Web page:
17) You can learn much more when you summarize rather than take down notes verbatim. This is something I noticed with my transcribing / computerized note-taking job (in which I write down the lectures for deaf and hard-of-hearing students). For some of the university lectures, I’m typing exactly what the professor says, and in other lectures, I’m taking notes in the class. In both situations, you have to pay very close attention to the professor, but I find that I’m actually getting something from the class and learning from it when I’m taking notes. When I’m transcribing verbatim, I’m much more focused on getting everything down as quickly as possible to pay too much attention to the actual content.

18) If you budget properly and pay very close attention to your finances, you can get by on a pretty small income. Budgeting is one of the first things people should learn about when they’re thinking about launching their own business!

19) Living in the present makes a difference. Having anxiety sometimes makes it tricky to live in the present and do what you want at that moment, but I’ve been able to let go off things that I can’t do anything about much better over the past year. It’s important to know when you should think things through to find a solution, and when you need to let something go because you can’t do anything about it anyways.

20) If there’s no reason to keep stale and stagnant things in your life, get rid of them. This past year was a little bit of an overhaul in a bunch of different areas of my life. There were many things, such as a couple of volunteering gigs, which I had enjoyed immensely at one point but which I was gradually starting to feel like were dragging on a bit. In these cases, it’s really important to recognize that it’s time to move on! For me, the people were great, the issues were important, but it was just time for something new. Trade the stale for something fresh – you’ll be happier and it will free up space for someone with new ideas to take your place!

21) Burnout is a very big problem that a lot of people face. I recently was going back through some of my old Twitter updates, and I realized that a couple years ago, I was bringing a lot of my work home with me. I used to work slightly longer days Monday – Thursday so I could leave early on Friday, but I would often still respond to emails on Fridays and sometimes on the weekends, too. It wasn’t at all a requirement of the job – but it was something I did because I really enjoyed my work. In short, my enthusiasm for my work was part of what burned me out at my non-profit job! When I became aware that I was burning out, and left that job, many other people approached me to tell me their story of burnout, and it was rather surprising to see how many other people experienced similar issues. That’s one of the things I like best about working from home, now, too: if I get too enthusiastic one day, I just take an extra day off work at another time. It all works out, since I’m the one making my own hours.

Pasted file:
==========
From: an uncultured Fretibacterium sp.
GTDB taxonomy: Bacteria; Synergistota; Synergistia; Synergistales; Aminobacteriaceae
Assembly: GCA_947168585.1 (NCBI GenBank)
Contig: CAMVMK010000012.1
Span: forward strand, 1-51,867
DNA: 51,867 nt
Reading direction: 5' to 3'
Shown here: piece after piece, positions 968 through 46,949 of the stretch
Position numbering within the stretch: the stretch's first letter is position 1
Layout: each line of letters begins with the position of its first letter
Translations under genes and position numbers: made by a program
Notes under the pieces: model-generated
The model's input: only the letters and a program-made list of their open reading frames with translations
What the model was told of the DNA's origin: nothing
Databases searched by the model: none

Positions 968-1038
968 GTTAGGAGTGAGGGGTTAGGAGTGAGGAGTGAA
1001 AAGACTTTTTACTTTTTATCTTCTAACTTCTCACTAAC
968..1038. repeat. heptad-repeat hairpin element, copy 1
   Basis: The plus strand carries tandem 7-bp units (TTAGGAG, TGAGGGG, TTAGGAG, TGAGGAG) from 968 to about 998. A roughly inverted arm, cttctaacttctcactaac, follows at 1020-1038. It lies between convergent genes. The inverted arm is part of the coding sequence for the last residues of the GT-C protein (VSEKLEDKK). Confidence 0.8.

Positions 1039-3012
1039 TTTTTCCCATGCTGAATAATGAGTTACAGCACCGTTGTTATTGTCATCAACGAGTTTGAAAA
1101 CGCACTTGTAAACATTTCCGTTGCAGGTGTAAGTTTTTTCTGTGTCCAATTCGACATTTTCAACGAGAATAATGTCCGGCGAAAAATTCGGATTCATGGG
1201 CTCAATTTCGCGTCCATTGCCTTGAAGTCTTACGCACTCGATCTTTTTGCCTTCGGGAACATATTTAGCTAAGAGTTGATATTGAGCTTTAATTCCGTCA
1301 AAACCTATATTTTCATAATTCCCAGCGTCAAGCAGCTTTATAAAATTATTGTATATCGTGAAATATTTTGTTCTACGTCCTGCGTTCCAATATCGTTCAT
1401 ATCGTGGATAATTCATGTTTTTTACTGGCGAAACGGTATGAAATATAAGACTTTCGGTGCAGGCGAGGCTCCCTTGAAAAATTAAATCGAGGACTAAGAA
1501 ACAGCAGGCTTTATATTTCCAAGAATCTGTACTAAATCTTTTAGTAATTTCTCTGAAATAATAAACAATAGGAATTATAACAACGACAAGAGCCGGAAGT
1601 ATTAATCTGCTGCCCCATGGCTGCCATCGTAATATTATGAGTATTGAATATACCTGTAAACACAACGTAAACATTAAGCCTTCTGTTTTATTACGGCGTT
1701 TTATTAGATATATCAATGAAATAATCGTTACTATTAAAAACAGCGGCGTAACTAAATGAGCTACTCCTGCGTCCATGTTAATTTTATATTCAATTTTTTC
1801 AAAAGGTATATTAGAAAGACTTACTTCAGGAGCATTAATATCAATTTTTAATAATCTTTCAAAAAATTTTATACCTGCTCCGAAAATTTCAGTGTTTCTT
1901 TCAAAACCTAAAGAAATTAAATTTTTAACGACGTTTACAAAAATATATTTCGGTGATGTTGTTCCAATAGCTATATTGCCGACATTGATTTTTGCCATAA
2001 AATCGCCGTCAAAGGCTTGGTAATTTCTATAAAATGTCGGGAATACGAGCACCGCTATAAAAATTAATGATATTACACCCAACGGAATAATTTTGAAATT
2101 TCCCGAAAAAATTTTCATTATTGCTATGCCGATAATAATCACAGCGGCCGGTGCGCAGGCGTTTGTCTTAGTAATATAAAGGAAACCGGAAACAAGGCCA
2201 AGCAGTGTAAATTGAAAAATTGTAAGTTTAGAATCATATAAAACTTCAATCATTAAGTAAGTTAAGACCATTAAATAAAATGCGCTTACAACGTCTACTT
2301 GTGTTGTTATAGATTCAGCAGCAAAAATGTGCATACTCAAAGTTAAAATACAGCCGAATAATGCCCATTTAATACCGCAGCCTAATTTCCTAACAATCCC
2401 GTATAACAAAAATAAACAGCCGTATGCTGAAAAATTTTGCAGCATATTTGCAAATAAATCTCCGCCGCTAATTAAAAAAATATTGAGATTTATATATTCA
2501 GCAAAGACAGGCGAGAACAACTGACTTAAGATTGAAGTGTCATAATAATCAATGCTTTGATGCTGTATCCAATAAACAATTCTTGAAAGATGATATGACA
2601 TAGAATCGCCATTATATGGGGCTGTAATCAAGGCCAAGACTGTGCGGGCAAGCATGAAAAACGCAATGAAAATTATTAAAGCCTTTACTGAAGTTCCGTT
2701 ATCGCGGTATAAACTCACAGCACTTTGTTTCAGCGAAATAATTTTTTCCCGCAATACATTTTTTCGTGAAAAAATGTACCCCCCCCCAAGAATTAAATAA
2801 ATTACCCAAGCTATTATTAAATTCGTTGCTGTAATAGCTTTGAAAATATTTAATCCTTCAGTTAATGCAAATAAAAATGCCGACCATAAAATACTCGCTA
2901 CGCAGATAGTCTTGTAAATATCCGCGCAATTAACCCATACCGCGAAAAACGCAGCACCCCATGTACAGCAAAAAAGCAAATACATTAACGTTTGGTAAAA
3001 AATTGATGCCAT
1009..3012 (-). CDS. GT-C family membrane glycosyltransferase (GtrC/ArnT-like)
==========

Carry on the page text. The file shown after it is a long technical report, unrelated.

22) We usually have a little bit more left in us. This is a funny one to follow a point on burnout, but it’s true! Things were pretty hectic at my non-profit job around the holidays this past year, and I ended up needing to take on a project and organize an event with less than two months to spare (the year before, I had been given six months to prepare for it). I’m not quite sure how I managed to do it and keep on top of the rest of my work, but I did. I’ve found the same thing when I go running, too: I might think that I’m running as fast as I can, but if you push yourself… we can always go a little bit farther. I don’t think we should push ourselves to our limits every time, but it’s important to remember that we have an extra reserve available if needed!

23) There’s nothing quite like following your passions. I was certainly challenged at my job in the non-profit industry, and I gained a huge amount of experience, but although I was passionate about the issues, I wasn’t passionate about the work. I am so happy every day that I get to write and edit for a living. A couple of full-time opportunities came up this summer, but for me they just reinforced how much I love having a home-based business and being my own boss. I can’t see myself taking on a full-time position for a very long time (if ever).